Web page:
Where does EEG come from?

The EEG consists of the summed electrical activities of populations of neurons, with a modest contribution from glial cells. The neurons are excitable cells with characteristic intrinsic electrical properties, and their activity produces electrical and magnetic fields. Electroencephalography measures the electrical fields that reach the surface of the scalp and are produced by the joint contribution of several neuron’s populations with similar spatial orientation.  One of the main advantages of EEG is its non-invasive nature. Other brain electrical-field recording techniques such as electrocorticography (ECoG) require surgery to implant an electrode grid on the cortex surface.

But, how does the brain generate this electrical activity? The human brain is compound of billions of neurons which are electrically excitable cells that processes and transmits information through electrical and chemical signals. It has been estimated that one neuron can receive contacts from up to 10,000 other cells, and so altogether human brain neurons constitute nowadays most complex network.

Neurons are compound of the cell body, dendrites and axon, as it can be seen in the picture. The cell body (also known as soma) contains all organelles necessary for cellular function, dendrites receive connections from other neurons while the axon is the communication channel by which the information is transmitted to another neuron. The process by which two neurons transmit information is called synapse. The synapse is nothing else but the means by which information from one neuron flows to another.

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The synapse process typically occurs between an axon terminal that is connected to another neuron’s dendrite through the synaptic terminal.  The synaptic terminal is a gap between the two of them by which neurotransmitters are exchange during the synaptic process. These neurotransmitters lead to a change in the permeability of ion channels in the membrane.

In rest state (when a neuron is not excited) there is a voltage difference between the inner and external part of the of the neuron’s membrane of about -70mV. This voltage difference is due to ions distribution mainly Cl and Na outside the membrane and K inside. Changes in the membrane permeability during the synapsis lead to different ionic concentrations and its consequent voltage differences. When a neuron is electrically excited by another neuron a phenomenon known as Action Potential occurs. An action potential is a rapid, temporary change in electrical potential across a membrane, from negative to positive and then back to negative. The process covers three phases:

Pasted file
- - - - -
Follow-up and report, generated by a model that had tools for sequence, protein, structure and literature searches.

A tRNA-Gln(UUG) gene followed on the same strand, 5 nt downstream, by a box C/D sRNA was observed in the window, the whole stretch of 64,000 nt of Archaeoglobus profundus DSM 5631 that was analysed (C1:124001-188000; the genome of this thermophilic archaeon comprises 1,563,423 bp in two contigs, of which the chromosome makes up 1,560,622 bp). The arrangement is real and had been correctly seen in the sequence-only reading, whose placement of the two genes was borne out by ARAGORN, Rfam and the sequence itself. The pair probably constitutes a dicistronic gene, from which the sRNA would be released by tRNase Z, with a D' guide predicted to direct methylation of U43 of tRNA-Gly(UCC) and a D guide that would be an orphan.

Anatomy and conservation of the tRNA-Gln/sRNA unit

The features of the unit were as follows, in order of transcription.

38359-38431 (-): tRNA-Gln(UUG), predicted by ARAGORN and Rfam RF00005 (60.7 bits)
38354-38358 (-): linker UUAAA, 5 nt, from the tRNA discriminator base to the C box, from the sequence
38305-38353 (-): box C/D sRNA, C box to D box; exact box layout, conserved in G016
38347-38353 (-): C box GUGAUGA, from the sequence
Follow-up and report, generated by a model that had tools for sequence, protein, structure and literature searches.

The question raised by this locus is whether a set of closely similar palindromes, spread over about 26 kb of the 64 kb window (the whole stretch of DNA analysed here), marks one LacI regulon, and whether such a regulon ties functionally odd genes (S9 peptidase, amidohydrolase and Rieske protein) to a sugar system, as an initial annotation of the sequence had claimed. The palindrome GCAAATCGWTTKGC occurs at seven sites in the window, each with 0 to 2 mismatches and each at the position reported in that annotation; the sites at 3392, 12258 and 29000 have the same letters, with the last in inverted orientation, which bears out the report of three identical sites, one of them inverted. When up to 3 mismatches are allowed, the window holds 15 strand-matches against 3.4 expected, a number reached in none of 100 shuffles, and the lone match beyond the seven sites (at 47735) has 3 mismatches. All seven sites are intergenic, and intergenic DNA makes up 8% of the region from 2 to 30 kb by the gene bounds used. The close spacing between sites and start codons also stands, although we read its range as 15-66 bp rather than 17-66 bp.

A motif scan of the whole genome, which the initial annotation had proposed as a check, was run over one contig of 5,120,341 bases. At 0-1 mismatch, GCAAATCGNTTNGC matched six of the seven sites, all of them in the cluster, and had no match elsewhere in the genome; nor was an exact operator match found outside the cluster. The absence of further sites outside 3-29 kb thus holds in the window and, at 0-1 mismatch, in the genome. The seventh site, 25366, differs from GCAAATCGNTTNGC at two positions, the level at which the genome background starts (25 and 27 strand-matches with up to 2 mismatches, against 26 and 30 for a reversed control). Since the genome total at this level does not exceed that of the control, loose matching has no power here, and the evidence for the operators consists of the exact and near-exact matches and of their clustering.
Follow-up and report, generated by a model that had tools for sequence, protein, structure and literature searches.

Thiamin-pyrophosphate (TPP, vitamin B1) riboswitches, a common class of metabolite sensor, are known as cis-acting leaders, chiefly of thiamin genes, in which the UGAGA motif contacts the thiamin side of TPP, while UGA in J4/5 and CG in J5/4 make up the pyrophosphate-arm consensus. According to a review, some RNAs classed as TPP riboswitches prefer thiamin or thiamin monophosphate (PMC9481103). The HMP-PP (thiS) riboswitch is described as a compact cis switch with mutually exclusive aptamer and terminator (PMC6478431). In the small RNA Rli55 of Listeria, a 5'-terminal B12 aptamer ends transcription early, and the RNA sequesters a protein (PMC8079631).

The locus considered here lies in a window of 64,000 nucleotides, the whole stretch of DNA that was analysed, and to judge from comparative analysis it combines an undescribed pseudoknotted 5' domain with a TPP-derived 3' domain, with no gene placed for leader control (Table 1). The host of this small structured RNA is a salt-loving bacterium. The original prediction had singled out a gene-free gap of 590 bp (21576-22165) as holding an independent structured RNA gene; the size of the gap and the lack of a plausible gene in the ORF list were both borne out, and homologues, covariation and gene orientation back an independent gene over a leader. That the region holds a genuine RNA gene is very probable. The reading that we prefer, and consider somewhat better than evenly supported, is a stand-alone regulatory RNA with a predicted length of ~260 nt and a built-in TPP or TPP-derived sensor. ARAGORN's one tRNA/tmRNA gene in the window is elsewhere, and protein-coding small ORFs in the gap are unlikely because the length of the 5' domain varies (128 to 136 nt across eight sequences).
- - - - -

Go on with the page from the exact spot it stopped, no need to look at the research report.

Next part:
1. Depolarization Phase: If a threshold voltage is reached a strong depolarization occurs caused by the opening of the Na channels that provokes the injection of Na cations into the cell increasing the membrane potential.
  2. Repolarization Phase: The rising voltage provokes the opening of K channels while Na channels gradually closes decreasing the membrane potential. These channels do not close right away when the membrane returns to its resting voltage leading to a voltage difference slightly lower than the resting potential.
  3. Afterhyperpolarization Phase: Phase in which the membrane repolarizes until it reaches the rest potential.

 

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[1] Da Silva, F. L. (2010). EEG: origin and measurement. In EEG-fMRI (pp. 19-38). Springer Berlin Heidelberg.
[2] UIC
[3] Barlow, J. S. (1993). The electroencephalogram: its patterns and origins. MIT press.
[4] Buzsaki, G. (2006). Rhythms of the Brain. Oxford University Press.
[5] Neuroscience.uth

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